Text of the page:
The Data Protection Act 1998 lays down strict rules covering the collection, storage and usage of personal information about customers and staff. Yet, according to the Information Commissioner's Office, only 65% of the small businesses surveyed were aware that the data protection rules require them to keep personal data secure - and failure to follow the rules could mean a £500,000 fine. Christian Doherty looks at your obligations
Personal data refers to any information you have about your customers and staff - from address details to opinions about your products and services. Whether you use this information for payroll or invoicing, you must comply with the Data Protection Act (DPA), which attempts to protect the privacy of individuals while enabling businesses and other organisations to operate effectively.
"It's important to ensure that an individual's privacy is protected as soon as their information is received," says Peter Driscoll, member of the National Association of Data Protection Officers. "And you must only use the information for the purposes you said you would use it for. If you tell someone their information will be used to invoice them, you are not allowed to use it for market research."
Any data you gather must be accurate, kept up to date and deleted when you no longer need it. If it is sensitive information that relates to ethnic origin, personal beliefs, health and so on, you must have written consent to use it.
If you collect and use personal information for any other reason than staff administration, marketing your own products or maintaining customer records, you may have to notify the Information Commissioner's Office (ICO). Failure to notify can result in a fixed penalty of £1,000. You can notify online or by calling the Information Commissioner's notification line on 0303 124 1113.
The collection and use of personal information has to be fair. This means that you have to provide people with your business details, the reason you are collecting the information and anything else they should know.
You must also make sure that what you collect is proportionate and only what you need.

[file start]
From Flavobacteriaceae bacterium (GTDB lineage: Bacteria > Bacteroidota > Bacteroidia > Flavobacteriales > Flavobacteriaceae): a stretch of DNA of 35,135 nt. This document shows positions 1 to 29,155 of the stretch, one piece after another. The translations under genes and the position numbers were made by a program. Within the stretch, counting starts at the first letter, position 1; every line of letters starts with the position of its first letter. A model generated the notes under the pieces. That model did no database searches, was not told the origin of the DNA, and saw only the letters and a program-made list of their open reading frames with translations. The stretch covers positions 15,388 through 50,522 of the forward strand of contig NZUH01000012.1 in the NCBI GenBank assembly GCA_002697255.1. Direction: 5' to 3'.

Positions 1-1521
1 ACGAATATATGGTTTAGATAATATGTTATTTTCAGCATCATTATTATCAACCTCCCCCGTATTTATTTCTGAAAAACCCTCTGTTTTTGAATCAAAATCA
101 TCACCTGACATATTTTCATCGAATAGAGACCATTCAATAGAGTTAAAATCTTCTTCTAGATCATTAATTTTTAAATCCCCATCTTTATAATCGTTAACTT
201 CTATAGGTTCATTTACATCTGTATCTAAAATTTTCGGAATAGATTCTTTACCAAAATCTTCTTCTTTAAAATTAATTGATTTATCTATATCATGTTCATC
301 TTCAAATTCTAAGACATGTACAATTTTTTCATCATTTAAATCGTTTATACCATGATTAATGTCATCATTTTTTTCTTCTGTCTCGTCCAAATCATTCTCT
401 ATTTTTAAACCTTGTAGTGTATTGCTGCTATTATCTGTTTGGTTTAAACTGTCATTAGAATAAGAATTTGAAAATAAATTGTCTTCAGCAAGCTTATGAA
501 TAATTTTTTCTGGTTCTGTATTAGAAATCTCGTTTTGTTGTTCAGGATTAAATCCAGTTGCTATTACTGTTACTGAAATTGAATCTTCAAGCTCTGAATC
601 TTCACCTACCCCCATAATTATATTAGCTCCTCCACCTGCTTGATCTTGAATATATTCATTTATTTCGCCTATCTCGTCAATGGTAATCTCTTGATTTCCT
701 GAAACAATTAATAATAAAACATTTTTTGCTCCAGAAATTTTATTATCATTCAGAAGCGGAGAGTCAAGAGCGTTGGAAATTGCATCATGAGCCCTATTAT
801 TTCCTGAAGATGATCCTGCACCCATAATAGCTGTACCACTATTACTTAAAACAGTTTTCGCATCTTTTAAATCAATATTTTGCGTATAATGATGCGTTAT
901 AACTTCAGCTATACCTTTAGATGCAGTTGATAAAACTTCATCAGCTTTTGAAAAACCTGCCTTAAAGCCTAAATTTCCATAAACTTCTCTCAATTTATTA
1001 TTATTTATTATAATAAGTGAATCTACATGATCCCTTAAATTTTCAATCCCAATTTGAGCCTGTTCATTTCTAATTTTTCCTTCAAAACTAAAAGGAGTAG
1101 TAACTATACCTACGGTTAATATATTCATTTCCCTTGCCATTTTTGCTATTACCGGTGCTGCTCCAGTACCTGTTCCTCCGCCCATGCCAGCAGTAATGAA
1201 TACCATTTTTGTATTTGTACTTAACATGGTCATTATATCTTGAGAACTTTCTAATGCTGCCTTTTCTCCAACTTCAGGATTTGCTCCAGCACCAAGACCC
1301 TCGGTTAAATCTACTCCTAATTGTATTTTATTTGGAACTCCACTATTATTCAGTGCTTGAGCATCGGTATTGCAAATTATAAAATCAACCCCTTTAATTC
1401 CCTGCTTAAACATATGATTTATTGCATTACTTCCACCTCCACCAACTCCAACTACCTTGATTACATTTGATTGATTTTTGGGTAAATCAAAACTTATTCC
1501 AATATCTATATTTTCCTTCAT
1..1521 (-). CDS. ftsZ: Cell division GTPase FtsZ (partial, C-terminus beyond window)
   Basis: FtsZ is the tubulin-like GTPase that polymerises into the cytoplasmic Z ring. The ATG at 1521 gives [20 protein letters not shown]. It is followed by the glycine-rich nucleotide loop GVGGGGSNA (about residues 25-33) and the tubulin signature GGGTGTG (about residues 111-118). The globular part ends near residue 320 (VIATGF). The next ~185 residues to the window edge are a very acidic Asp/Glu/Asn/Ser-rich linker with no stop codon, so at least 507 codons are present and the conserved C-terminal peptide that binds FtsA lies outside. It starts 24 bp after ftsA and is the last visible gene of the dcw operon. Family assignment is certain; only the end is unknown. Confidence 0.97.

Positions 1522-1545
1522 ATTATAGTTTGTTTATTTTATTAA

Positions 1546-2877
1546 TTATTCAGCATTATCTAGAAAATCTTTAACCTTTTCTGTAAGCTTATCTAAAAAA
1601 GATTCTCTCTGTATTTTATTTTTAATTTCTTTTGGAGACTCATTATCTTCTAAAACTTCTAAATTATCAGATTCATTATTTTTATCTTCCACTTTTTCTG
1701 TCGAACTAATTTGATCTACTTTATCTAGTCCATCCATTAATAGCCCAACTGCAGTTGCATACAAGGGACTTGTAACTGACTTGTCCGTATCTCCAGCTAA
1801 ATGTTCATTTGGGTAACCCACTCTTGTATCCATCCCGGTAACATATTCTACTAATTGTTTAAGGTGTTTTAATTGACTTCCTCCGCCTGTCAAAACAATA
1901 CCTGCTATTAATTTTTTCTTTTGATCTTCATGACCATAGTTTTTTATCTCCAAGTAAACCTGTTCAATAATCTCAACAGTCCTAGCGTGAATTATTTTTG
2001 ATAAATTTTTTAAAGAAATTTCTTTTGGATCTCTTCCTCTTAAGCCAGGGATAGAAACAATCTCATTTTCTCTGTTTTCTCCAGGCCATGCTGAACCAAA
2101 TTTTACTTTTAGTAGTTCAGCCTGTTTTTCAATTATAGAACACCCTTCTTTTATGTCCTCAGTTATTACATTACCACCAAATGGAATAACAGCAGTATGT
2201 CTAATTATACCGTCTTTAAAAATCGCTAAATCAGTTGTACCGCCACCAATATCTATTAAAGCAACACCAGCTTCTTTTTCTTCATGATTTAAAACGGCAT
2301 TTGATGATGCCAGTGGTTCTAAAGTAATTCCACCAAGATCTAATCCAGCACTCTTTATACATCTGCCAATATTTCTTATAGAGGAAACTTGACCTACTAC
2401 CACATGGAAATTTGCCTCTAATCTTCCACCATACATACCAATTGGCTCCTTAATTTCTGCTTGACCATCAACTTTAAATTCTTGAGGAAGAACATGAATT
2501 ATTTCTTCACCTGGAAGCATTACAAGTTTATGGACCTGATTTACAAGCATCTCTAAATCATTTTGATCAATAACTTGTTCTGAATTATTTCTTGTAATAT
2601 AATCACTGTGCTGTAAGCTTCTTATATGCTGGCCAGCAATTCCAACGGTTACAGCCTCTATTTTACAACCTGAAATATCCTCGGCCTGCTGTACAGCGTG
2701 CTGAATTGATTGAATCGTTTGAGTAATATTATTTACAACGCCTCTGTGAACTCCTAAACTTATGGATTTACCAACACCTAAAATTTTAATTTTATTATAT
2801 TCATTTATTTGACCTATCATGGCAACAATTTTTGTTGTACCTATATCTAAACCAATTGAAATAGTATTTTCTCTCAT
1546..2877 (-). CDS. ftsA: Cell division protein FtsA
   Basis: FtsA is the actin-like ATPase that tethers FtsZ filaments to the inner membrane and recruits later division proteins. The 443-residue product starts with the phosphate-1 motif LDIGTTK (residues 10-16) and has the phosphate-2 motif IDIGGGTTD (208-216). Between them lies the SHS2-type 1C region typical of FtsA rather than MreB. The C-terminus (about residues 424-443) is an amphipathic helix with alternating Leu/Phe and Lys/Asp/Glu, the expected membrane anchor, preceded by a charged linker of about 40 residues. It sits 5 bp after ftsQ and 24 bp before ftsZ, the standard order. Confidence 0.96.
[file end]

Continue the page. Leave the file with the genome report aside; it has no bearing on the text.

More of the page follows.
Any personal information you store on computers or in paper files must only be accessible by people with permission to see it. You cannot pass it to other organisations unless you have permission to do so or a just cause, such as giving staff details to a payroll bureau.
"I would recommend you seek advice from an expert," advises Driscoll. "But there are some things you can do yourself, such as set up passwords for each computer user in your firm, and password protect files that contain sensitive or valuable information."
Paper files are also covered by the DPA and should be kept under lock and key or stored securely off-site. You should also make sure your staff know they must not discuss information about customers with people who are not allowed to access it.
Customers have the right to see any information you hold about them and can require you to update, amend or delete information if they can prove it is inaccurate. You are allowed to charge £10 for handling requests and you must deal with them within 40 days. Customers can demand corrections and instruct you not to use their details for direct marketing.
Staff are also allowed to view their personal files, including documents relating to disciplinary matters. You are not allowed to pass information about an employee to anyone unless you have their consent. If either customers or staff feel you are in breach of the Act, they can complain to the ICO.